One of my favourite facts was about the very last scene in Lord of the Rings: Return of the King, when Sam returns home to The Shire after his epic journey. It’s kind of adorable and I love it: the little girl who runs out to greet him is the actor who played Sam, Sean Astin’s daughter in real life. According to the guide she hadn’t seen her father for months due to his filming schedule, and they brought her in for that scene, so the pure joy you see on that little girl’s face as she’s being held by her father is real. Also, the baby in Rosie’s arms is the daughter of Sarah McLeod, the actress who played Rosie, so it’s a real family affair!
There are so many more fun facts revealed on the tour, but I won’t go into them here so as not to spoil it for those of you who do eventually visit Hobbiton for yourselves.
I will provide one more spoiler about the tour, and that’s the burning question on the tip of everyone’s tongue…where is Bag End?
Well, you’ll be pleased to know that Bag End is in Hobbiton and you do visit there as part of the tour, but nobody can enter as there’s no official party business going on these days. For some reason I didn’t take a photo of Bag End on its own, so here is a picture of my red and sweaty self in front of la casa de Bilbo.
One thing worth noting is that unfortunately you can’t go inside any of the hobbit holes, bar one.
And the one you can enter is really kind of boring – there’s nothing inside but a glass of water, an umbrella and a shovel. The reason you can’t enter the Hobbit holes is that a lot of them are just constructed on the outside, with nothing inside them. They’re not living, working Hobbit holes. Remember, it’s a movie set and not an actual village for Hobbits.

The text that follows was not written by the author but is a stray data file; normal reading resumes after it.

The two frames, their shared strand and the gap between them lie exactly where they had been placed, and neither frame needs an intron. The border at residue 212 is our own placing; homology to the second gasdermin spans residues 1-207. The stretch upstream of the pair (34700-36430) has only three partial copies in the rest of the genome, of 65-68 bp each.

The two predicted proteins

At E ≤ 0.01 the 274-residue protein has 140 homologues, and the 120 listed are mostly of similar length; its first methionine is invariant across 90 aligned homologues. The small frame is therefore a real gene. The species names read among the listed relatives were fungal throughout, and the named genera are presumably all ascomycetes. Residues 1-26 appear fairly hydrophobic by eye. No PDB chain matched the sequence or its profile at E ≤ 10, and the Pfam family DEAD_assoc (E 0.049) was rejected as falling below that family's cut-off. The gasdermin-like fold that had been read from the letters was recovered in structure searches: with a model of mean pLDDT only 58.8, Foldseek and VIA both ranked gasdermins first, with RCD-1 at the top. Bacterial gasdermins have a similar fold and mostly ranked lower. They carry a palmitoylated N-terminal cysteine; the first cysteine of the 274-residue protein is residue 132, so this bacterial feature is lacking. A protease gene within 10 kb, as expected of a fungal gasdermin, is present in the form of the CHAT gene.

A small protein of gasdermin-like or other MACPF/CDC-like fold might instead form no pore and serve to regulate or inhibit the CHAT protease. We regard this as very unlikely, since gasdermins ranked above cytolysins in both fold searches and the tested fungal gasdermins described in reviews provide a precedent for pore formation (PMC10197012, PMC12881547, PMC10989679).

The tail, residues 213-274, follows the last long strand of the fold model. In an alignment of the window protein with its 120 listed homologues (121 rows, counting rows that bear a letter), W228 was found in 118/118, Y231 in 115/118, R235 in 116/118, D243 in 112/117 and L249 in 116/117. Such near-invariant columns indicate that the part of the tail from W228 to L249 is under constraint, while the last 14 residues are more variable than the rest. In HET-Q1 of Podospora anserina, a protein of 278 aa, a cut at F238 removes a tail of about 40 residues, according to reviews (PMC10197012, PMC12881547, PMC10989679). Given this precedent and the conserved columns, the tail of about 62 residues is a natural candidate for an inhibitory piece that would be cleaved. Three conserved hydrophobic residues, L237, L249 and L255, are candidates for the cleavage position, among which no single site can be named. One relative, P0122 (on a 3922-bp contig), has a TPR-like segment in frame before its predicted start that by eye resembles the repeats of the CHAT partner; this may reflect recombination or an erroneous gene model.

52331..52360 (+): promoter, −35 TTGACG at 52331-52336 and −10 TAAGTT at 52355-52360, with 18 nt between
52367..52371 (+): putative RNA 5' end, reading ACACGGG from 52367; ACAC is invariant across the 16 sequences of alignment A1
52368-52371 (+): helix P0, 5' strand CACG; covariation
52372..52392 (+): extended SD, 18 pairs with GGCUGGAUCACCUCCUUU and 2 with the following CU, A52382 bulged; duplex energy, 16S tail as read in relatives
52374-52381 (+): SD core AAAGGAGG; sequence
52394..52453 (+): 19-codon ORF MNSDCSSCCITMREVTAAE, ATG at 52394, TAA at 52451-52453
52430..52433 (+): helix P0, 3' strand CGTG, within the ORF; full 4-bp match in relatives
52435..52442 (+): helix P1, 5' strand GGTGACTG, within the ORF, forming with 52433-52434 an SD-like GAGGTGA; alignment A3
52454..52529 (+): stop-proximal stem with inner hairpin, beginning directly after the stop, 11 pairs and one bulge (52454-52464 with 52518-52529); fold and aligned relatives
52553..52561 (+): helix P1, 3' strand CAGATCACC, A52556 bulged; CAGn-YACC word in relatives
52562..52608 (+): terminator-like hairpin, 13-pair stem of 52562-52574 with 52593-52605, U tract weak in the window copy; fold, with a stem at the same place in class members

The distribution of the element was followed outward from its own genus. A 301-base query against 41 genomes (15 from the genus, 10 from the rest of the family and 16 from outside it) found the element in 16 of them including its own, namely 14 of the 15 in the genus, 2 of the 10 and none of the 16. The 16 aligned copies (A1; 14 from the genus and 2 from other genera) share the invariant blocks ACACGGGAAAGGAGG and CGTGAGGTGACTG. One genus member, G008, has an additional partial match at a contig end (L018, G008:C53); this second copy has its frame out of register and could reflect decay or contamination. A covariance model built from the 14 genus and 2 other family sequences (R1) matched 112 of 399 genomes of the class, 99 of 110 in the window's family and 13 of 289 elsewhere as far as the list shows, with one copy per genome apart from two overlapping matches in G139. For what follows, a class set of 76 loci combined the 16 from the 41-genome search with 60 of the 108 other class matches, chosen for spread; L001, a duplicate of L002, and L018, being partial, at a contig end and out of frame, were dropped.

When you’re done having a photoshoot with the Hobbit holes, the tour takes you on to the final stop, which just so happens to be the only fully functional building in the whole of The Shire…
The Green Dragon Inn!
The Green Dragon Inn is more than just a part of the movie set, but it actually functions as an *almost* fully-fledged pub. Everybody on the tour gets a free drink at the Green Dragon, all of which are unique to Hobbiton – you can choose from ginger beer (which I can confirm tasted gross), stout (whatever that is, but I can confirm it also tasted gross), apple cider and another type of ale.
You can also buy some cold and hot snacks at the Green Dragon Inn, which are very English… almost too English, I’d say. Some of the wares on offer are beef and ale pie, cold pork pie, ploughman sandwich, scones and muffins.
I bought my Indian friend a cold pork pie, thinking he’d like it, but having not eaten a pork pie for more than a decade I’d forgotten about how much of that gross piggy jelly it contains, and it’s safe to say he’s scarred for life.
The Green Dragon Inn is also where you eat the breakfast or the banquet supper, if you opt for one of those add-ons with your tours. They’re only available at certain times and on certain days, and definitely need to be booked as far in advance as possible!
If your tour is on schedule, you should get at least a good 20-30 minutes to relax at the Green Dragon Inn, enjoy the views outside, have a little photoshoot and even try on some traditional Hobbit attire!
And this is where the tour sadly ends! This is where you all head back to the beginning, board your bus and get ferried back to The Shire’s Rest.
The tour was quoted online as being 2-3 hours in total, which seems like a long time as Hobbiton Movie Set is quite small, but you have so much fun that the time absolutely whizzes by and before you know it your adventure in Middle Earth is over!
Have you been to Hobbiton? And if not, is it on your bucket list?!
The boring stuff aka FAQ
How much does the tour cost?
An adult ticket for the standard guided tour, meaning not including any transport or food, is $85NZD per person which converts to about £44 at the current exchange rate. A lot of money for a 2-hour tour? Maybe. Worth it? Abso-freaking-lutely!
You just can’t put a price on living out your lifelong dream of being an actual hobbit!